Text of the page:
The Lockhart Correctional Facility will now be known as the Gregory S. Coleman Unit in honor of the late former member of the Texas Board of Criminal Justice and former trustee of the Windham School District.
Gregory Coleman received his juris doctor with high honors from the University of Texas Law School in 1992. He was also the managing editor of the Texas Law Review and a member of the Chancellors Honor Society. He clerked for Chief Judge Edith Jones on the United States Court of Appeals for the Fifth Circuit and for Justice Clarence Thomas of the United States Supreme Court.
Gregory Coleman was the first Solicitor General of Texas and was a member of the Attorney General of Texas’ team for criminal justice reform. He was the lead counsel in the state’s motion to terminate the Ruiz final judgment case. He successfully spearheaded the case’s appeal to the Fifth Circuit Court of Appeals where, in June 1992, Judge William Wayne Justice entered an order terminating the court’s jurisdiction of the Texas prison system.
Coleman was appointed to the Texas Board of Criminal Justice in August 2003 by Governor Rick Perry. He was elected the TBCJ secretary in December 2007 and vice-chairman in April 2008. At the same time, he was a trustee on the board of the Windham School District from August 2003 to April 2009.
While on the board, he served as chairman of the legal committee and was a member of the Audit and Review, Correctional Institutions, Rehabilitation and Reentry Programs, and the Victim Services committees.
He was posthumously inducted into the Texas Appellate Hall of Fame by the State Bar of Texas in 2015.
Gregory Coleman was unbiased and exceedingly accurate with his advice and counsel which led to successful outcomes for the agency in presentations before the United States Supreme Court. He also exhibited a fundamental graciousness and overall respect for others that inspired genuine affection, respect, and loyalty in everyone he encountered.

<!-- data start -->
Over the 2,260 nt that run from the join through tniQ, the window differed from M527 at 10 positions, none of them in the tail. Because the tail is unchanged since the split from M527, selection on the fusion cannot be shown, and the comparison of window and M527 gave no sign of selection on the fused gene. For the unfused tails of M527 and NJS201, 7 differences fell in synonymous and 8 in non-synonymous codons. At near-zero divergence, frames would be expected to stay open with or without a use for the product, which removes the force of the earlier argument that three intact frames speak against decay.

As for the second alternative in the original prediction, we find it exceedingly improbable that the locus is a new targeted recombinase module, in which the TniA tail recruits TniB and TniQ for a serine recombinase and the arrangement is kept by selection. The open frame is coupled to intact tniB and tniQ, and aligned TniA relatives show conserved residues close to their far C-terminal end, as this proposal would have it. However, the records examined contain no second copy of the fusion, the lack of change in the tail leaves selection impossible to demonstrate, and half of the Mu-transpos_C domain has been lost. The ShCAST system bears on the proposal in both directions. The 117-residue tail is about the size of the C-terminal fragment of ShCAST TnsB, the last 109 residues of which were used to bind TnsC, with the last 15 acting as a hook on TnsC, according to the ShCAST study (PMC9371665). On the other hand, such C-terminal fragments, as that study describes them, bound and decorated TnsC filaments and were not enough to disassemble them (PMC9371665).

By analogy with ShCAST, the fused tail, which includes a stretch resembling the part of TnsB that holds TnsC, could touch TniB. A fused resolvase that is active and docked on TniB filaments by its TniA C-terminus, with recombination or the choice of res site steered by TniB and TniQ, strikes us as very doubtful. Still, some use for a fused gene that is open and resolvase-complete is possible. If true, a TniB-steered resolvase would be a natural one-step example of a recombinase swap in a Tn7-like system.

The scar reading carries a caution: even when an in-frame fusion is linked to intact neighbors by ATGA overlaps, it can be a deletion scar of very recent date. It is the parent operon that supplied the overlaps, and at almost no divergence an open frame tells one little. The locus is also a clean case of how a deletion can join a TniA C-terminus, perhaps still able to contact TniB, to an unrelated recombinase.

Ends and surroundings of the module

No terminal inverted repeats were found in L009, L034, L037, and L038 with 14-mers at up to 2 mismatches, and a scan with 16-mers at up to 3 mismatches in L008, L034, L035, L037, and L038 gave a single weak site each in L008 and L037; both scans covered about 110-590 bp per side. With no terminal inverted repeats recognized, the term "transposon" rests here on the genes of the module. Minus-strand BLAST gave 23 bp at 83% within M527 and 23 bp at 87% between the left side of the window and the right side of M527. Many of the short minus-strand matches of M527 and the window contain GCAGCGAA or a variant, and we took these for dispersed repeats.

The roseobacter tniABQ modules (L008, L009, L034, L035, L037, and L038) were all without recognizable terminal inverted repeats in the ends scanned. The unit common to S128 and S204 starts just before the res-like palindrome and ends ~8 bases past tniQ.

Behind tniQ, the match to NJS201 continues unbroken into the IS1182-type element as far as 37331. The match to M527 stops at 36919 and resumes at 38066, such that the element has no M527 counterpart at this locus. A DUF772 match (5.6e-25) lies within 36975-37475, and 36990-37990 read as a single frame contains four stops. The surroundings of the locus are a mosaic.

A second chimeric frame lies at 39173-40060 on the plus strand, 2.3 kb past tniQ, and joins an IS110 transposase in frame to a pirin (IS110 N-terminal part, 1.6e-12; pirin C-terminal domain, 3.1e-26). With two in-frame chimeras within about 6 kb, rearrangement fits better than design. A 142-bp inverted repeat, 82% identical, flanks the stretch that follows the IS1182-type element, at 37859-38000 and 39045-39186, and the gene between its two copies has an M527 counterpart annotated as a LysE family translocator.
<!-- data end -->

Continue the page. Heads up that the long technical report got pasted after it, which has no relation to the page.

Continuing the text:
In recognition of his loyal service to the state of Texas, the Lockhart Correctional Facility will now be known as the Gregory S. Coleman Unit.
Darrington Unit to the Memorial Unit
The land where the Darrington Unit now sits had several owners beginning as far back as 1824 when David Tally received a league of land from the Mexican government. Then in 1835, John Darrington of Alabama bought it for $3028. Ironically, he never actually lived at the plantation that produced cotton and sugar cane with slave labor. He was an absentee landlord. In the late 1840s, Nathaniel Wilkinson of New Orleans bought the land with all its holdings and it retained the Darrington Plantation name. In the following years, more owners came and went but the Darrington name held, even when the land was sold to the state of Texas.
In 1917, the Darrington Unit of the Texas Department of Corrections was established on the land in Rosharon. Housing a general population, security detention, outside trusty and transient inmates, it has provided many career and educational opportunities for its population of over 19-hundred inmates. It is also the home of faith-based programs including a Seminary Program that allows inmates to earn a Bachelor of Science degree in Biblical Studies and work as field ministers in other prisons throughout the state.
We are now changing the name of the Darrington Unit to the Memorial Unit in recognition of the agency’s employees who are dedicated to fulfilling the agency’s mission and who are critical to managing the challenges of maintaining safe and orderly operations.
TDCJ employees are among the finest in the world. They display courage and commitment daily. They also face physical and emotional demands with dedication and devotion.
TDCJ employees are recognized and deeply appreciated for their service and their positive impact on the agency. And we somberly remember those we have lost over the years.
Some employees have paid the ultimate sacrifice in the line of duty while others have lost battles with illnesses and others have succumbed tragically to the difficulties of this world.
While no one can fully grasp the broad spectrum of pain and sorrow their survivors feel nor fathom the void in the lives of their loved ones, we pay tribute with honor, respect, and dignity to the memories of those gone but not forgotten.
In memoriam of our fallen brothers and sisters of the past and the future, it is resolved that the Darrington Unit will now be known as the Memorial Unit.